I eventually had to give it up, because I was simply sinking too much time into it, and this is where Minecraft really comes in. As a person whose main means of both earning a living and recreation is creating worlds, that makes a second and equally deep cleft in my brain that Minecraft fills rather comfortably. Fills it, unfortunately, to the exclusion of nearly everything else.
Where most people have concerts, travel, sports, or a million other domains of hobbying, I have my projects. I have ideas built around new imaginary places and they simply have to be exorcised, have to be made manifest, because it's the only way I can appropriately share them. Terms like "cubespew" or "an experiment in abstract brutalism and skydome radiosity" don't give enough justice to the mood and character that has formed around what that place is in my head. When I don't or can't finish projects, or I lose interest in them, I'm disappointed in myself.
Meanwhile, if my creative energy were needed to power a million American homes or something, Minecraft would be the means by which it would be harnessed and collected. It is a perfectly tuned generator for stories of colonizing new worlds, of geology (oh, the caves!), of surviving by my own resourcefulness, and it's a perfectly willing receptacle for anything I could think to build in it. It could have been the last game I ever needed to play, because it's just so essentially me, and could have been the last place I ever built anything new. This, you see, is why I'm now off the Minecraft.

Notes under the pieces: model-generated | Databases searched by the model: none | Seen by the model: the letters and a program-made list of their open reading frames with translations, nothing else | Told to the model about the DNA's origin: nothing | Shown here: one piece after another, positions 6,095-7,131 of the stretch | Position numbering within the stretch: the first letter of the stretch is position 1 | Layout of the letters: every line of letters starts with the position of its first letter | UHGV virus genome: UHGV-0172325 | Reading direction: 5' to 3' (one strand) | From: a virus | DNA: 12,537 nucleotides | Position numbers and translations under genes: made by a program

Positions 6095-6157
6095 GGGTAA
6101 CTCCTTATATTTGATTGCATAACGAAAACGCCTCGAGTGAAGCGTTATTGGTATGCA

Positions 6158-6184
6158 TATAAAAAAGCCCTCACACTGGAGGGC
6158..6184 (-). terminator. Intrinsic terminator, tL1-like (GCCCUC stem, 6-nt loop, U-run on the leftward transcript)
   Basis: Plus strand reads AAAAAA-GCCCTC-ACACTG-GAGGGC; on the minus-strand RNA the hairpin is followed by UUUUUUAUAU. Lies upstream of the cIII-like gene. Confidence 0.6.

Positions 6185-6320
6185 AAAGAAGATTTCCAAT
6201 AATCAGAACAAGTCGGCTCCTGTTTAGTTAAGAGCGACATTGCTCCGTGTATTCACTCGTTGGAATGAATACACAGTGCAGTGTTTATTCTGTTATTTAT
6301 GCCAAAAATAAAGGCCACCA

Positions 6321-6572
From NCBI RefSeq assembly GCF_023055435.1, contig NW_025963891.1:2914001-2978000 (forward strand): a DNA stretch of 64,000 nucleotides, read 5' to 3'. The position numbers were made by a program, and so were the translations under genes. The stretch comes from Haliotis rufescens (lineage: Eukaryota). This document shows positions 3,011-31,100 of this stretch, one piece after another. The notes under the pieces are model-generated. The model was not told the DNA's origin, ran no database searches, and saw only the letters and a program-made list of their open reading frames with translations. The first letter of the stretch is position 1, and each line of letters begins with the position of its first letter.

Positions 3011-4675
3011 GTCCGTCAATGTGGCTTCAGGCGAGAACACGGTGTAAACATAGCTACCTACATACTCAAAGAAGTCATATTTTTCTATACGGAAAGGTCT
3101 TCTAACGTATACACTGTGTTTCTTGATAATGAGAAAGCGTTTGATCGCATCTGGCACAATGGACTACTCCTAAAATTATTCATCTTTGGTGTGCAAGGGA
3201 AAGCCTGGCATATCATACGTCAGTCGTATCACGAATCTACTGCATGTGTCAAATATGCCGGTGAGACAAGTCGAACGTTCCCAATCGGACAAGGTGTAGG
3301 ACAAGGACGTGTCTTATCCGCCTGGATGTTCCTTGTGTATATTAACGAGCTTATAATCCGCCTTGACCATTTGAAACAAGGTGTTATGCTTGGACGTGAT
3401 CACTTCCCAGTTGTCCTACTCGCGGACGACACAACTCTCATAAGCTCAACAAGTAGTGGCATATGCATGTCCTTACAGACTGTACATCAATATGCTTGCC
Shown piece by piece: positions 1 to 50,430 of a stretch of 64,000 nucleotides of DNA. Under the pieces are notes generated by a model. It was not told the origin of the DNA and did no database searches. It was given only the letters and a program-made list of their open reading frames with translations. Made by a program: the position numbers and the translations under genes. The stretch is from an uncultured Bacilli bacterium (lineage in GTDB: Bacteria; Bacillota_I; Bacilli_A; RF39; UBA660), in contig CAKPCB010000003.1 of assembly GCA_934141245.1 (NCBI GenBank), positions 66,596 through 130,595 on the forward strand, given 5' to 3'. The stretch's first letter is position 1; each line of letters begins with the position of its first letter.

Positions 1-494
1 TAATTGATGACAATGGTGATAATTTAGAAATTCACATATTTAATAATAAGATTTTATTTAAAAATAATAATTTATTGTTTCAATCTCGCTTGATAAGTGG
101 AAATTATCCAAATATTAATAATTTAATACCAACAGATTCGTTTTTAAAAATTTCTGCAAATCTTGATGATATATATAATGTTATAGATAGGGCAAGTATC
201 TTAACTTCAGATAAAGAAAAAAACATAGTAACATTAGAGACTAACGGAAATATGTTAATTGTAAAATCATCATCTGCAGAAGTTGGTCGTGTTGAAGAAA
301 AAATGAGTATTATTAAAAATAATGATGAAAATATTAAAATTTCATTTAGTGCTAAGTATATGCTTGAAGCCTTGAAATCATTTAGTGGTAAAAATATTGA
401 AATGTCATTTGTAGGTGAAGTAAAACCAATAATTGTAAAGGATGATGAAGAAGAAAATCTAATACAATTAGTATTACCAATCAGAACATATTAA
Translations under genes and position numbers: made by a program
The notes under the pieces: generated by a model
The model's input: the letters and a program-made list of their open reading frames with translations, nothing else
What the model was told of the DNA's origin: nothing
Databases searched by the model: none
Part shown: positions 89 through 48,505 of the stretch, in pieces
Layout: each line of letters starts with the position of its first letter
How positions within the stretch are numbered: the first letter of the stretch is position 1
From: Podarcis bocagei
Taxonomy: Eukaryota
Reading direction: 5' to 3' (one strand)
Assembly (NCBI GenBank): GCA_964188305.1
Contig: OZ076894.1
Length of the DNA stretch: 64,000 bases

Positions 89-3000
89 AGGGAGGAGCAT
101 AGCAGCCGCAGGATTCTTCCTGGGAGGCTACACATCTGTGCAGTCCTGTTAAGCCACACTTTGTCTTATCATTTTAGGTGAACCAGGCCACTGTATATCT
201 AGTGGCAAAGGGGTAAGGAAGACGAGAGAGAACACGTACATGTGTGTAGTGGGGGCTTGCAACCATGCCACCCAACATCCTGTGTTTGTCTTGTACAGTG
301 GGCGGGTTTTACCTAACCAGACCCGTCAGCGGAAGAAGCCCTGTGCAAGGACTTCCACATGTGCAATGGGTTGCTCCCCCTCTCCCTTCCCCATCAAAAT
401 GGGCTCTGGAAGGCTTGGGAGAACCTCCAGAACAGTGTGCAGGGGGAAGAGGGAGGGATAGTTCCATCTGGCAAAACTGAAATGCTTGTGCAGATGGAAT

If you told me a year ago I'd really like a version of Radiant in which I had to fight off skeletons and dig giant holes in the ground in order to place any brushes, I'd call you an idiot. Compared to Maya and Radiant, Minecraft is a pretty terrible toolset for actually making anything, but ... it's just got so much other fun shit in there. It's hard not to want to try. Really hard, it turns out. Oh, the things I could build in these worlds!
I'd grind away a weekend gathering ludicrous amounts of stone or something, because roaming those hills gave me ideas and those ideas must be exorcised and made manifest and then Sunday would be over, and what I'd have to show for my effort would look so feeble and masturbatory compared to my other projects that lay gathering dust and rusting that I'd have a moment of clarity and realize all I was really doing was fruitlessly rearranging bits on my hard drive. I would then swear the game off and delete minecraft.exe (but not the saves), only to redownload it from the oh-so-handy website the next instant I felt even slightly bored or distracted. I did this at least two dozen times. Eventually I was doing it nightly.
I needed to make it permanent, and I needed to do it within that exe-deleting moment of clarity, before the siren called again. Early one Monday morning about a month ago, I therefore made mittense change my Minecraft account password and not bother to write it down, and as I watched him do it I did not feel an ounce of regret.
Minecraft, you are a succubus, and you do me so good but I just don't like who I am when I'm with you. I'll be in UE3. Don't call me.